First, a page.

Lt, that kind of trip sure brings back a lot of memories, glad you made it without puting your new ride down .

BTW the only reason you got home ok , is you got the fastest color . :)

Nice Bike :D
 

·
Registered
Joined
·
243 Posts
Landtuna what a great story. You had me on pins and needles. This one's keeper.

Welcome back home!
 

·
Registered
Joined
·
1,118 Posts
What a great story, much better to read than to live it out. It did bring back some good memories of past years. Since I live here in Washington, I know the weather your talking about. Glad you made it out of here with the rubber down.
 

·
Registered
Joined
·
567 Posts
Great Story!!!
 

·
Registered
Joined
·
20,951 Posts
LT
that was for sure one of those trips u will never forget !

a very long ride with no heated clothing or a map !

next time try to pick some better weather

congratulations !
 

·
Registered
Joined
·
2,625 Posts
Ah ! Excellent story tuna. Good to hear from ya ? And good to hear ya made her home in one piece. I can't count the number of times I would have holed up in a motel. Nice looking ride congrads...... :)
 

·
Registered
Joined
·
3,154 Posts
LT, glad you made it home safe, temps were bad enough without the $hitty weather. Tim
 

·
Registered
Joined
·
3,033 Posts
Hey Tuna,
I was happy to read about your ride, but, I don't want to use the standard
phrase here (Thanks for sharing) :lol: cuz I don't want a share of that ride. :eek:4: :lol: :lol:
Well, Tacoma to Tempe is about 1487 by the computer maps,
And you rode it in 31 hours.
So, a good ole thousand miler in 24 hours is an average of about 42MPH.
You averaged 48MPH for about 1.5 times that distance.
Gues it could have qualified for a bun burner except for two things.
You probably didn't document things the way they want...
And there ain't no way any part of you (including your bun) was burning
in those temps. :snow1: :lol: :lol: :lol:
Great story and you made it a very enjoyable read! :yes1: :yes1:
DC
 

·
Registered
Joined
·
1,115 Posts
What a story for the books!!!...I thought i was nutz !!!!...but you take the cake!!!!!!!!..glad you made it home in one piece......Would you be interested in going on our annual polar bear ride next year ???
 

·
Registered
Joined
·
562 Posts
To; Landtuna

“While I waited patiently for MFW to appear I make a mental note of the customizing I want to do to the Wing.” LOL, Spoken (written) like a true motorcyclist !

“I slept like the proverbial log last night after my 31-hour ride and awoke ready to give Mello a sincere apology and a thorough cleaning. Unfortunately, (is there ever an end to that word?) it is raining in the desert this morning so she sits, patient and grime-covered, in the garage until a drier time.”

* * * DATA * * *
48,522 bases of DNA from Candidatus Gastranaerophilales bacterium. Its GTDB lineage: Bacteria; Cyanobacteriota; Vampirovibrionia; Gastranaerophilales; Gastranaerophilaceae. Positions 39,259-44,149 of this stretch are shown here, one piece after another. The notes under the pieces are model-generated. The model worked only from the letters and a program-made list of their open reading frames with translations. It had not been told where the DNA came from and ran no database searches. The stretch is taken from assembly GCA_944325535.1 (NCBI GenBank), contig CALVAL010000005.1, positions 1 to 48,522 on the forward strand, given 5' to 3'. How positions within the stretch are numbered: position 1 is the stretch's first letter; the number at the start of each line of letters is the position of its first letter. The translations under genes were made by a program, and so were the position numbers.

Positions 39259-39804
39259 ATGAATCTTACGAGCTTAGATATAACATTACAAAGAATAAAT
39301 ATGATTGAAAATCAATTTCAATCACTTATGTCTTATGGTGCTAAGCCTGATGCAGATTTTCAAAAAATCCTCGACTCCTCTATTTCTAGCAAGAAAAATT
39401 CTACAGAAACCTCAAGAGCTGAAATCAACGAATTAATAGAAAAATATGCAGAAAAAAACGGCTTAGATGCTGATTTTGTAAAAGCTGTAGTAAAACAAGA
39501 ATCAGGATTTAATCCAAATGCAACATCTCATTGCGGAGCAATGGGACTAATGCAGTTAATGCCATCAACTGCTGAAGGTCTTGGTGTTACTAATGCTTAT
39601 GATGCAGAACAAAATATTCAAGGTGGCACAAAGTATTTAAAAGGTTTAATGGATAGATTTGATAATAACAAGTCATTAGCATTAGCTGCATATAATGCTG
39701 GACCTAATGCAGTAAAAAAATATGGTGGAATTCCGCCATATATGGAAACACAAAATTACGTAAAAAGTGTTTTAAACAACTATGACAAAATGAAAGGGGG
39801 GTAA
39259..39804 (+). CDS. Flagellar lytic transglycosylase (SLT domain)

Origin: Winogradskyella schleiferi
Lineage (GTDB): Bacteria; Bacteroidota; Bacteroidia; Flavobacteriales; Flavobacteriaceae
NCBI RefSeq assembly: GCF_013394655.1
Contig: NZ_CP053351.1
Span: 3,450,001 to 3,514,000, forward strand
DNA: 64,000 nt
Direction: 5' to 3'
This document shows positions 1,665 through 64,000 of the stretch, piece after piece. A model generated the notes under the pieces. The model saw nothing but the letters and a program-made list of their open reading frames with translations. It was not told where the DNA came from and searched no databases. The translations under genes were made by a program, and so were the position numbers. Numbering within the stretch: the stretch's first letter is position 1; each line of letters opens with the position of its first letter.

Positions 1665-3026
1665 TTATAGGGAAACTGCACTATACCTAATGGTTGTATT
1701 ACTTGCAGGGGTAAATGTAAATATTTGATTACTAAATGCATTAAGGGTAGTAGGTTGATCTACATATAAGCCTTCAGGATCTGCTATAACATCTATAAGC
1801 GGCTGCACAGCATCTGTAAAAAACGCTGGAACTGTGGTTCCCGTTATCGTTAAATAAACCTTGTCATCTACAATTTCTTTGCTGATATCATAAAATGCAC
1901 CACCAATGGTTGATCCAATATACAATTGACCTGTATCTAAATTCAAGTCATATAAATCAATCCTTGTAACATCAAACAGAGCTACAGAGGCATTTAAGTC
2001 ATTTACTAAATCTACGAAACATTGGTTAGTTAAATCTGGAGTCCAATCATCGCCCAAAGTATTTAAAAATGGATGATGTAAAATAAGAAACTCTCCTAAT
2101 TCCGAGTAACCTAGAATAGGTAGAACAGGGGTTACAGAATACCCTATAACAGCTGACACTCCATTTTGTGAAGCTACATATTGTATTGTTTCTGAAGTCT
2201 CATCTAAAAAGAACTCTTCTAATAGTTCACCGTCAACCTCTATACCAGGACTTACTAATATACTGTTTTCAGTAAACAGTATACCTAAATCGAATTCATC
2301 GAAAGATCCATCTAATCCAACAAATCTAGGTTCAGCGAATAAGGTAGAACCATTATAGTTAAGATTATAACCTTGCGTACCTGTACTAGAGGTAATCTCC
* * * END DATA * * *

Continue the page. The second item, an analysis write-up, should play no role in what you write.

From us in the south…why did you not push it out into the rain and get an 80 - 90 % warsh job free?


DC
“And there ain't no way any part of you (including your bun) was burning “

Naw! Burned buns? Popsicle toes was the least of his worries! Can U say shrinkage? Bet he felt like he had a third tonsil for most of that ride! LOL
 

·
Registered
Joined
·
1,309 Posts
That was, indeed, a great story! Thanks for sharing it with us. As far as the closed OSP offices is concerned - yep, there aren't too many of 'em out there, but we LIKE it that way. :lol:

Providing the weather is no worse on Super Bowl weekend than it was when you went through, several of us will be making a run down Hwy 199 to the coast and south to Arcata/Eureka for a ride around the Lost Coast. Come on up and join us; you're experienced now! :lol:
 

·
Legend in His Own Mind
Joined
·
4,671 Posts
Sounds like you earned your wing. What a trip, what a story. I don't know if it held my interest because it was so well written (which BTW it was)or because it was so akin to some of my lifes misadventures, LOL. Glad you made it, your a tough dude who is evidently the real deal. Terry 8)
 

·
Banned
Joined
·
1,633 Posts
Discussion Starter #17
Thanks for all the compliments guys. I was hoping some of you would find the humor (?) in my Great Adventure.

Loved that comment about "third tonsil"! :lol:

And BTW, thair ain't no freakin flowers and MFW had the camera with her so no pics. I doubt I would have stopped to take them anyway.

One thing I learned.....it is very easy to stay wide awake in very low temps. Don't want to do it again anytime soon tho'.
 

·
Registered
Joined
·
1,928 Posts
Bump just because if you missed it you missed a fun read. Very well written Tuna.


Illegitimi non carborundum, think I have seen that one. LOL
 

·
Registered
Joined
·
1,362 Posts
Congrats on the new scoot, LT! I have admired the pics of Mello Yellow that Norm has posted in the past. Should be a great bike.
 
1 - 20 of 24 Posts
Top